[Xotcl] TIP #257: Object Orientation for Tcl

Kristoffer Lawson setok at fishpool.com
Mon Sep 26 21:25:58 CEST 2005

On 26 Sep 2005, at 20:40, Jeff Hobbs wrote:

> I know that many on this list will be interested in the
> following TIP just propsed:
>     TIP #257: Object Orientation for Tcl
>     http://www.tcl.tk/cgi-bin/tct/tip/257

First, I want to say I'm very excited about this TIP. If this goes  
into 8.5 I'd really like to see a big concentrated effort to get Tcl  
back on the map. Even Ruby is getting more press than Tcl right now  
and this needs to be changed. If Tcl includes an OO infrastructure  
with it then that might help with the push. It is essential we do not  
do this in a manner that says, "Me too", but to display the diversity  
and the elegance and power of Tcl. Tcl is a command-oriented language  
(instead of object-oriented), but that simple principle offers us  
ways to extend it in all kinds of directions. When a new paradigm  
appears, Tcl will be able to handle it too.

This is not Tcl going OO after many years of dilly-dallying, but  
providing a sound foundation which supports a wide range of  
extensions that have already existed. It's about making coders' lives  

I do have some comments on the TIP (no surprises there):

* The description about filters at the top of the TIP is not  
necessarily totally in line with XOTcl. Filters are not only about  
deciding whether a method is called but can also manipulate the  
message which is being passed. They can catch and do anything really.

* Mixins in XOTcl are classes which are dynamically mixed into the  
normal object inheritance chain. The mixins based on the TIP seem to  
be about mixing in procedures, which would be quite different.

* I disagree with the need for exported/non-exported methods. It adds  
complexity and for what? How is method lookup solved? Can sub-classes  
access non-exported methods? If not, wont that lead to problems for  
extensions? If they are seen, can they be overridden, even by  
accident, with public methods? Basically I see the whole business of  
private/public as mostly a documentation issue. There could be a  
mechanism in place for auto-generating docs on certain methods but  
not on others, but with no actual separation between the two. I  
believe Python follows this model to some extent. Convention versus  

Besides, any mechanism such as the one described can be implemented  
by the use of filters. Filters offer much greater flexibility in this  
respect and finer granularity. I've never actually felt the need for  

* It is not true that XOTcl's creation mechanism makes it difficult  
to do Tk-like option handling.

The -dash arguments (or methods) are called before the constructor.  
The standard XOTcl way to do Tk-like options is to make the options  
into so-called parameters. Parameters are basically instance  
variables which have setter/getter methods attached to them. This  
leads to Tk-like option handling:

Class Car -parameter {
     {doors 5}

set myCar [Car new -doors 3]

* I disagree with not making constructors methods. This is something  
I find to be a nuisance in Java. They act a bit like methods but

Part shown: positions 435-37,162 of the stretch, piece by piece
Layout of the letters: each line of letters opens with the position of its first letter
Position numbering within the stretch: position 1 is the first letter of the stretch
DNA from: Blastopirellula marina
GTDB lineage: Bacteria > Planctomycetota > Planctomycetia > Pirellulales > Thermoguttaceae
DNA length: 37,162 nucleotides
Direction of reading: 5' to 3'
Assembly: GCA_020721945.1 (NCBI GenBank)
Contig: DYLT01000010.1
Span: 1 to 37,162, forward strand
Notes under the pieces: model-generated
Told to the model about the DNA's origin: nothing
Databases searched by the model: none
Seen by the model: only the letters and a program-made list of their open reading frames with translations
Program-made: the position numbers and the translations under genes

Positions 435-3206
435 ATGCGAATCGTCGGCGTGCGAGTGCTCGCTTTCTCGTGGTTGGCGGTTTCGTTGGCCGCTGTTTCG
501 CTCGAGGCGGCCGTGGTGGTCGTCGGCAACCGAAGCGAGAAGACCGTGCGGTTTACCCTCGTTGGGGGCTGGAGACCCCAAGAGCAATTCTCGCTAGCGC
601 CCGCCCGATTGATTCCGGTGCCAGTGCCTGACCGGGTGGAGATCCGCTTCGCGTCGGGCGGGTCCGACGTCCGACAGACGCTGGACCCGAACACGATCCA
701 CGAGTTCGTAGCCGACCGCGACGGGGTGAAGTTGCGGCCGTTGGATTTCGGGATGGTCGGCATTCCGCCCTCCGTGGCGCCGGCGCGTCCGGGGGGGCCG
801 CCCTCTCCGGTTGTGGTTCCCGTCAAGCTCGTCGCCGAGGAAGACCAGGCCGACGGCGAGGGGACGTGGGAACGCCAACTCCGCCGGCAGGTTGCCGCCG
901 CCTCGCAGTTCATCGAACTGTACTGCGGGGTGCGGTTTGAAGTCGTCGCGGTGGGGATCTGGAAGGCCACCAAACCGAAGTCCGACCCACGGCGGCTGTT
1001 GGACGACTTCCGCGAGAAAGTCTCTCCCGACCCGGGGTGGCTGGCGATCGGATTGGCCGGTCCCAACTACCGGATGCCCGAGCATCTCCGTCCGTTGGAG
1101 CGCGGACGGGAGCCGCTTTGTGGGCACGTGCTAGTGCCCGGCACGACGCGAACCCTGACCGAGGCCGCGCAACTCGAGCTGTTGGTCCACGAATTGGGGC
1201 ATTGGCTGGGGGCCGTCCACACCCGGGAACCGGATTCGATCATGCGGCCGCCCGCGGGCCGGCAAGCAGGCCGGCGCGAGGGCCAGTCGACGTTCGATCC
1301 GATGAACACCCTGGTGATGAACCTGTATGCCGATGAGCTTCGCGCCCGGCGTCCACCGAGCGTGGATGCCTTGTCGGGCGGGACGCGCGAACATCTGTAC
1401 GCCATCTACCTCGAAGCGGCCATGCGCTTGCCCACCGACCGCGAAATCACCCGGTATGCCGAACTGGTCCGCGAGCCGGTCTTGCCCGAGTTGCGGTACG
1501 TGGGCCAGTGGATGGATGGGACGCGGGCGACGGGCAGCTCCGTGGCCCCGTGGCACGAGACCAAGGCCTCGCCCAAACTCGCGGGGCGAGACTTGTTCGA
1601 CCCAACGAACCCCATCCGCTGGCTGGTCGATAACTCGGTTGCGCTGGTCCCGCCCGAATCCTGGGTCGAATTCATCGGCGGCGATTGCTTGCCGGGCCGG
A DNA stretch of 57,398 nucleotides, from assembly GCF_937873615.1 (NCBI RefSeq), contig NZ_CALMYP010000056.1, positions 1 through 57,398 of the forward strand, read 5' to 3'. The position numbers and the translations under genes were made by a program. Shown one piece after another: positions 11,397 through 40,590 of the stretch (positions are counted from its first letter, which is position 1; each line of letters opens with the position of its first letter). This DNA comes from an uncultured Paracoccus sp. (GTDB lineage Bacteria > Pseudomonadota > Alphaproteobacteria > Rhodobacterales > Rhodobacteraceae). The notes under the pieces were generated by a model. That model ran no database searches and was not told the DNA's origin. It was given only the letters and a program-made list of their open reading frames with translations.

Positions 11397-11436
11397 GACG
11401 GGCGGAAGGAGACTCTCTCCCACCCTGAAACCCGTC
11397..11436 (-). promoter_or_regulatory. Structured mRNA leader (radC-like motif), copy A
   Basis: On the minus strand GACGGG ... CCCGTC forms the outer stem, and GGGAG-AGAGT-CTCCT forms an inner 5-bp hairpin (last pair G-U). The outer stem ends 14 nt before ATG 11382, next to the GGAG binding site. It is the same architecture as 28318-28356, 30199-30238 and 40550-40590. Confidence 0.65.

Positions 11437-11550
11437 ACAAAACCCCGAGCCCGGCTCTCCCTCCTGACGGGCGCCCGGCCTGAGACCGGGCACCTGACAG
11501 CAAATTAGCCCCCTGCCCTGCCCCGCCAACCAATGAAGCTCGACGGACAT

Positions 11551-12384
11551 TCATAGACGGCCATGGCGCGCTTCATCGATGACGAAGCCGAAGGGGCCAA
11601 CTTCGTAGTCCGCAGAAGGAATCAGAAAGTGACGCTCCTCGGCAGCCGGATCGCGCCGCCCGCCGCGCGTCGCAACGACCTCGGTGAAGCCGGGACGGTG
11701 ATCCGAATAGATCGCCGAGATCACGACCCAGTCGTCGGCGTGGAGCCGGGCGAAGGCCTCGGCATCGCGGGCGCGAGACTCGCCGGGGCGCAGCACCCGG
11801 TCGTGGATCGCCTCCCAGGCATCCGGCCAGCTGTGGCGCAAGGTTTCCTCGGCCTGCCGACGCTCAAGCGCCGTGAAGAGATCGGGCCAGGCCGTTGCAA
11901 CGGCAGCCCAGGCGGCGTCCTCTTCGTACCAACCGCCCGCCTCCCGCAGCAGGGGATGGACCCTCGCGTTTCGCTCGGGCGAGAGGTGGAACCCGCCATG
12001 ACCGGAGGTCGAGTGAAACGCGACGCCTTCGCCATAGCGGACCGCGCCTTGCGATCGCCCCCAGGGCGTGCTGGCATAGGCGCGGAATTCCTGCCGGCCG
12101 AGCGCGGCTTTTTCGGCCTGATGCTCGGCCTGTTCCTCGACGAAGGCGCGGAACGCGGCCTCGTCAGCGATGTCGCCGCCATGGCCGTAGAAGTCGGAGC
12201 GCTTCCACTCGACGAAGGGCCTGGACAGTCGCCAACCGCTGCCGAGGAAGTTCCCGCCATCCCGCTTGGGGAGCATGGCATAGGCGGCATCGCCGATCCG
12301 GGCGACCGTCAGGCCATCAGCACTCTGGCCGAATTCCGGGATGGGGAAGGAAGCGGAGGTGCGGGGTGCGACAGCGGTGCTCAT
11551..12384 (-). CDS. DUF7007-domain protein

aren't really methods. So I can't use normal inheritance rules to  
automatically get a constructor from a super-class. This is  
especially annoying with Exceptions which are often nothing more than  
a new classification and have no added functionality whatsoever. It  
also means a completely new mechanism needs to be in place for  
constructor introspection and manipulation. In XOTcl this is trivial  
as the constructor is a method like anything else.

Objective C uses the init method as a constructor (by convention) and  
does not cause problems. I've never heard of anyone trying to call  
[init] on an XOTcl object again. It all sounds a bit like a case of  
premature protection --- something which often bothers me. Protection  
makes a system more complex and often is not really needed.  
Protection hasn't ever been a theme in Tcl. Let the user and  
developer decide.

* Destructors. Same thing. Why? Why have something which adds  
complexity when a method can manage the same? With methods the  
implementation can decide whether to use the destructors further up  
(there might be cases when this is not desired), or in what order to  
apply its own cleanup and super-class cleanup.

I do agree that a [destroy] command might be a good idea. In fact,  
I'd go the whole way and stick it on the top level. I know [rename]  
can manage the same, but it's not totally obvious and then we'd have  
one mechanism that does the same for anything. Oh, and whatever the  
destructor does, I do believe it should not be allowed to prevent  
destruction of the object (unless the [destroy] command is manipulated).

* I agree with the class vs object method naming convention.

* Having instprocs named methods sounds like a good idea.

* What about child objects? XOTcl provides a mechanism where an  
object can be created as a child of another. If the parent object is  
destroyed, the child is automatically destroyed too. This is often  
useful and provides an alternative for one common area helped by  
garbage collection (as long as these child objects are never used  
anywhere else).

            /  http://www.fishpool.com/~setok/

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